College brickwork students excel as master craftsman by building a traditional Crinkle-Crankle wall as a showpiece for the King’s Lynn college open day this Saturday 5th November.
Seven level 3 brickwork students built the decorative and complex wall as part of their diploma unit which requires them to set out and construct brickwork curved on plan. Ivor Auker, brickwork lecturer, said “The term crinkle-crankle wall reflects the form of a sinuously wavy wall also known as a ribbon or serpentine wall. This type of wall requires intricate and sometimes difficult setting out, involving convex and concave curves. The students have demonstrated knowledge, skills and ability a master bricklayer would be proud of.”
The term crinkle-crankle or (crinkum crankum) has its roots in old English meaning zigzag and dates back to 1598, although the term began to be applied to walls in the 18th century. Most surviving crinkle-crankle walls are found in the boggy parts of East Anglia attributed to the influence of Dutch engineers working on draining the fen country. The Dutch name is slange muur, a snaking wall. The wavy construction allows for a strong stable and even lengthy wall with fewer bricks because it doesn’t need piers or buttresses.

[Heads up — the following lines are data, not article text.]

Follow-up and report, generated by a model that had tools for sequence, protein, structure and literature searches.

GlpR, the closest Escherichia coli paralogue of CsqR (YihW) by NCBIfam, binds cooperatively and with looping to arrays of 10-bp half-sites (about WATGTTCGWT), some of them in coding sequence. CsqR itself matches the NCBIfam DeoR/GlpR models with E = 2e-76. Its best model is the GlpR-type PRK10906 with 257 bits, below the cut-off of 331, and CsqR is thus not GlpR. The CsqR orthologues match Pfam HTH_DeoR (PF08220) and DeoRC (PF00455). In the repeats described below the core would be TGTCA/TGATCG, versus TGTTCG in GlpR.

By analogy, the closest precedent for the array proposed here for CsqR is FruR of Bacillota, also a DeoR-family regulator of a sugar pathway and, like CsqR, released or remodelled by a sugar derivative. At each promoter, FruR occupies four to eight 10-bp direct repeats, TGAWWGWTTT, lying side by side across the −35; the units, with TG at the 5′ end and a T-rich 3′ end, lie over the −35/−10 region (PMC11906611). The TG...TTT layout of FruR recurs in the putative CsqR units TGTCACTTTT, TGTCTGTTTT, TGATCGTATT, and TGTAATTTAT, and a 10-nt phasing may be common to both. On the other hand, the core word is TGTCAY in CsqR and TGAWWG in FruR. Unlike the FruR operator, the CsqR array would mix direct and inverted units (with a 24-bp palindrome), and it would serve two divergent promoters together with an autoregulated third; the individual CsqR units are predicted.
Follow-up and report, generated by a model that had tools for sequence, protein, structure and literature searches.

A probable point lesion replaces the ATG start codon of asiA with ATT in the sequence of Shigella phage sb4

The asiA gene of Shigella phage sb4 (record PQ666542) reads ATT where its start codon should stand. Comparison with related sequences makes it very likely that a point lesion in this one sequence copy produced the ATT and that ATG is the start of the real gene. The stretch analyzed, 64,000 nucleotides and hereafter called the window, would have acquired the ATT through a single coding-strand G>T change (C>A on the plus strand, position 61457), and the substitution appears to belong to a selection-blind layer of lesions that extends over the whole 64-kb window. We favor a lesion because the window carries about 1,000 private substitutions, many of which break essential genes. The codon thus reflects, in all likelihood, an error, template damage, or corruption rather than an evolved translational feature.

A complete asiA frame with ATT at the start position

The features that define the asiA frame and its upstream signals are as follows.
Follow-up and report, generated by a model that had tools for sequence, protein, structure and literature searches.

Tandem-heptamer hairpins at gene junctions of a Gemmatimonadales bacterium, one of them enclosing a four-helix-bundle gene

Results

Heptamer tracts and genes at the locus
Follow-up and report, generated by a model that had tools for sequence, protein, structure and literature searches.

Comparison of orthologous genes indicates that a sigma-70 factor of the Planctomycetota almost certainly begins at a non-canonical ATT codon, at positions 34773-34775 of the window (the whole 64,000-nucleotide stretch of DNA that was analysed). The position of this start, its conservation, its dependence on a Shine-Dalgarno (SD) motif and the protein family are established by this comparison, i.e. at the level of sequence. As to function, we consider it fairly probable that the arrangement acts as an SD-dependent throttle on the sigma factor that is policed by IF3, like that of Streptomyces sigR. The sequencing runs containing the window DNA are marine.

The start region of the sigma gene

Brick walls are very common in British gardens, especially kitchen gardens, to create shelter and capture solar warmth; sources suggest crinkle-crankle walls were used in traditional orchards. As the alcoves would attract solar warmth whilst providing a cool flow of air around the fruit to ripen them more evenly and reduce insect damage.
Picture attached L-R (Daniel Spencer, Jack Cousins, Stuart Boyle, Jamie Walker, James Jary, Luke Jones and Philip McDowell)
Don’t forget the Isle Campus Wisbech Open Day 19 November 9:30am – 1pm.